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I do find all this digital v vinyl a bit subjective it’s almost like 2 fleas fighting over who owns the dog. I just like music, the rest is light a 24 hour flight to the UK it’s just a means to an end.

My introduction to music was through my eldest brother’s record collection. Starting with early Beatles while I may have listened to other stuff it was their music that hooked me. The 70s went ballistic when I first really heard Bowie, Lou Reed, Pink Floyd and a raft of Aussie pub bands that played hard and loud. I enjoy most genres but have an unhealthy love of good singer/songwriter pop, it so unrated.


Hi @Pete_the_painter

Part 1 - dead right imho. I get more enjoyment from recordings that don’t deaden the sound, exaggerate the bass, make treble shrill so you can’t turn it up, lose stereo separation and so on. That means avoiding terrible versions and getting good ones where I easily can.

Some here argue that every CD offers ‘perfect sound every time’ like the 1980s advertisements said, so what version of an album to use is a pointless question - just make sure you don’t listen to records or tapes. There are some equally dogmatic about vinyl always winning. The rest of us are willing to get down to cases - if I am finally replacing the vinyl Ziggy Stardust I bought in early 1977, what version on what format will grip me most?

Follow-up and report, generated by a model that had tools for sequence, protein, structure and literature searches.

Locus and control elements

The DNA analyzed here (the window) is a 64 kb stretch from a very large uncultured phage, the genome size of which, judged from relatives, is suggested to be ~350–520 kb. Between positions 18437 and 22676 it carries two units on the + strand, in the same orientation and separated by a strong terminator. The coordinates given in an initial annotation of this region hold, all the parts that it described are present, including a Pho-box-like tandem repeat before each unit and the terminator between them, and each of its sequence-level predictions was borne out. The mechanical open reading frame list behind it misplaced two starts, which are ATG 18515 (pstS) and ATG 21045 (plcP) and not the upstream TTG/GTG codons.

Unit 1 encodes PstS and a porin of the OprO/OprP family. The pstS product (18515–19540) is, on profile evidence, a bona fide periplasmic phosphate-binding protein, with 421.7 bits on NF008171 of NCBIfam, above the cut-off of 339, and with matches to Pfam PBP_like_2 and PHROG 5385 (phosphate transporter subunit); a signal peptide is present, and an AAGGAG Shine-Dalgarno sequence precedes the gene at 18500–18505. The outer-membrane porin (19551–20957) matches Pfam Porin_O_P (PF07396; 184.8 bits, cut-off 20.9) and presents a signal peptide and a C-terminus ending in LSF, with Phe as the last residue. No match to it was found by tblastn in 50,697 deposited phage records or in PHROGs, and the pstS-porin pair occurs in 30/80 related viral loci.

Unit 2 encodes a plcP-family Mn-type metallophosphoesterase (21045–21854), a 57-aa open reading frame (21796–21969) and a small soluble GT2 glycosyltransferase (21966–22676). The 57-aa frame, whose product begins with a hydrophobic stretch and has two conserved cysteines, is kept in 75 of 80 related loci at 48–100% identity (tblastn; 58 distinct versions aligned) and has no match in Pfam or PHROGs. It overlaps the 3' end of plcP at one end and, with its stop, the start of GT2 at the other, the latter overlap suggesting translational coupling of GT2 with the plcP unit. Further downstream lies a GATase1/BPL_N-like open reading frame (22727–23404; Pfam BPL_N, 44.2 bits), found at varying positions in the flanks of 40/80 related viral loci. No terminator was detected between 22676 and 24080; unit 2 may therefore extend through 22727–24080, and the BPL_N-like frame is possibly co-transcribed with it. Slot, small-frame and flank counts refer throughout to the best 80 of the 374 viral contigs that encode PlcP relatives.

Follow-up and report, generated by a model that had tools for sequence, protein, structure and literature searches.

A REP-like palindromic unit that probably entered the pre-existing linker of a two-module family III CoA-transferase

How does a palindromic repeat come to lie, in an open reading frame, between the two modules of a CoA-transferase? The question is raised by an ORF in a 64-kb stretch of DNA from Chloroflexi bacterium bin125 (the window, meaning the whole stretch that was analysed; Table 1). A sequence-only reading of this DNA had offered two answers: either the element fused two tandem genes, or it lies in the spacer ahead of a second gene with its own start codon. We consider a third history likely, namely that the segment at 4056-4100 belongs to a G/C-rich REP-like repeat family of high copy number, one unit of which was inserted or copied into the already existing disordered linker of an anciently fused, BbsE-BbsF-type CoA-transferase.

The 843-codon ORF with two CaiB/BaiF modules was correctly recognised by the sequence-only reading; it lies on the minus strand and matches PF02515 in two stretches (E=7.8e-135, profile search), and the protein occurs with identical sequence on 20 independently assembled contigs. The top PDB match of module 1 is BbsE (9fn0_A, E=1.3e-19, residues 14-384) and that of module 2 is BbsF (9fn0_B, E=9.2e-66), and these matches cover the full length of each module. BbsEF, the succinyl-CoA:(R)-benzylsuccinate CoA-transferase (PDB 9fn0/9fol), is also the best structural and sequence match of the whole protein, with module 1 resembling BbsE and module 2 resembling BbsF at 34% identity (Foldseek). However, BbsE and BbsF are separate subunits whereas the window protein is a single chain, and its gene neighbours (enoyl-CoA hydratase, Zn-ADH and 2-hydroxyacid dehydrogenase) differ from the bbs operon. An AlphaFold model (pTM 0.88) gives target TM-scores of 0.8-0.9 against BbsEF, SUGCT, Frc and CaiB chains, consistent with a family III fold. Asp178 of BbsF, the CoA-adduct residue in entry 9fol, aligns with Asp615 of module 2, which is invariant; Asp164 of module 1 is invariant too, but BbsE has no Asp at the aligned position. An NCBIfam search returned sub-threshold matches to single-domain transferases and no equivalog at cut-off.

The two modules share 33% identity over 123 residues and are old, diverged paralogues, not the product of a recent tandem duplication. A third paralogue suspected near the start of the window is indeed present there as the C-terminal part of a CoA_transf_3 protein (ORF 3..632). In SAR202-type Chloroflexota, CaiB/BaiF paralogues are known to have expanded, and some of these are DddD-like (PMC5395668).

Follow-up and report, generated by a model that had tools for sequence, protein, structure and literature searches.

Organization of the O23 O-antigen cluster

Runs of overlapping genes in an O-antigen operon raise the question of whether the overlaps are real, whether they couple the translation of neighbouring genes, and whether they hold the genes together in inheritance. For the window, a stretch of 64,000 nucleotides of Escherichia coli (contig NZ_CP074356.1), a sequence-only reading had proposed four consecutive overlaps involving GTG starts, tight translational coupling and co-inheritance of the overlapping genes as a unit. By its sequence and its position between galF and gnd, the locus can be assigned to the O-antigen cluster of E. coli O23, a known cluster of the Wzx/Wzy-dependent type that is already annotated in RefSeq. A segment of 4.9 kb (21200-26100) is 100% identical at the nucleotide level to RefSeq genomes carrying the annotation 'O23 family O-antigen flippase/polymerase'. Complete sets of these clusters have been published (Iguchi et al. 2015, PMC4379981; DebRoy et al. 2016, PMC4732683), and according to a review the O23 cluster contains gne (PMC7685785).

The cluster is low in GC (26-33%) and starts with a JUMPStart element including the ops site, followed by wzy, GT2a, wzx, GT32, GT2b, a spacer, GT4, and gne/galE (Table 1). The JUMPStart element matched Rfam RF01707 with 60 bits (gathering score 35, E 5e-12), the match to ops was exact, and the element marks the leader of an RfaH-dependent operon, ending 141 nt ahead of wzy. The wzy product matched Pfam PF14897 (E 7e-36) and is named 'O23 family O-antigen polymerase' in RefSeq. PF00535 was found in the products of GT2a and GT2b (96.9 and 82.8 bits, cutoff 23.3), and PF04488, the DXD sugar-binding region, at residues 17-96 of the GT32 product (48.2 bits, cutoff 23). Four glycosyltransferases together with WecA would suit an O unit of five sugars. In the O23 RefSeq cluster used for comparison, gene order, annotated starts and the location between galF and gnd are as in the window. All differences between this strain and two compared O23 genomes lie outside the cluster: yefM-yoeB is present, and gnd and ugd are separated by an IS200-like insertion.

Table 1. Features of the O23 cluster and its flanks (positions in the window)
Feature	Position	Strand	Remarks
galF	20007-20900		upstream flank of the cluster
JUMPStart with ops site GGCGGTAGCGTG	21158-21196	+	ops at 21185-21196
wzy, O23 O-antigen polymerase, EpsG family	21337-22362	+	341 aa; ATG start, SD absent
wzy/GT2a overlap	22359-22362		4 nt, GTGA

Part 2 - yes again, it’s all about content. I’d rather listen to Transformer or Ziggy on a 1980s car radio than listen to (say) Taylor Swift’s latest or some KPop on £100K of Naim boxes feeding big Wilson speakers.

Part 3 - do you count The Cruel Sea as a pub band? I do, but then I tend to view Dr Feelgood as about the best pub band ever. When I got the hifi set up in Tassie, The Cruel Sea followed AC/DC as first played, and loud enough to be heard by my friendly neighbours (whose house I can’t see from mine).

Part 4 - which good singer/ songwriters? Are you thinking more of Joni Mitchell or Gilbert O’Sullivan (or Ms. Swift)?


It will be Kylie for him :stuck_out_tongue_winking_eye::joy:

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Cruel Sea were just a great band full stop. Their Honeymoon is Over album is a regular at my place.

Singer songwriters can be anyone as it’s good pop at least. I love XTC but not a fan of The Smiths, I also included singer songwriters in bands as well.


XTC were a fine band. The Smiths suffer in retrospect because of Morrissey, but Johnny Marr is and was excellent - hear his playing with Bert Jansch - and I am a big fan of How Soon Is Now?

If you like XTC beyond the singles, do you also like The The?


I believe that it’s a myth she was named after the Kylie brand of incontinence products, though I think both hail from Australia, despite what nurses told me when Neighbours was big down under but new-ish here.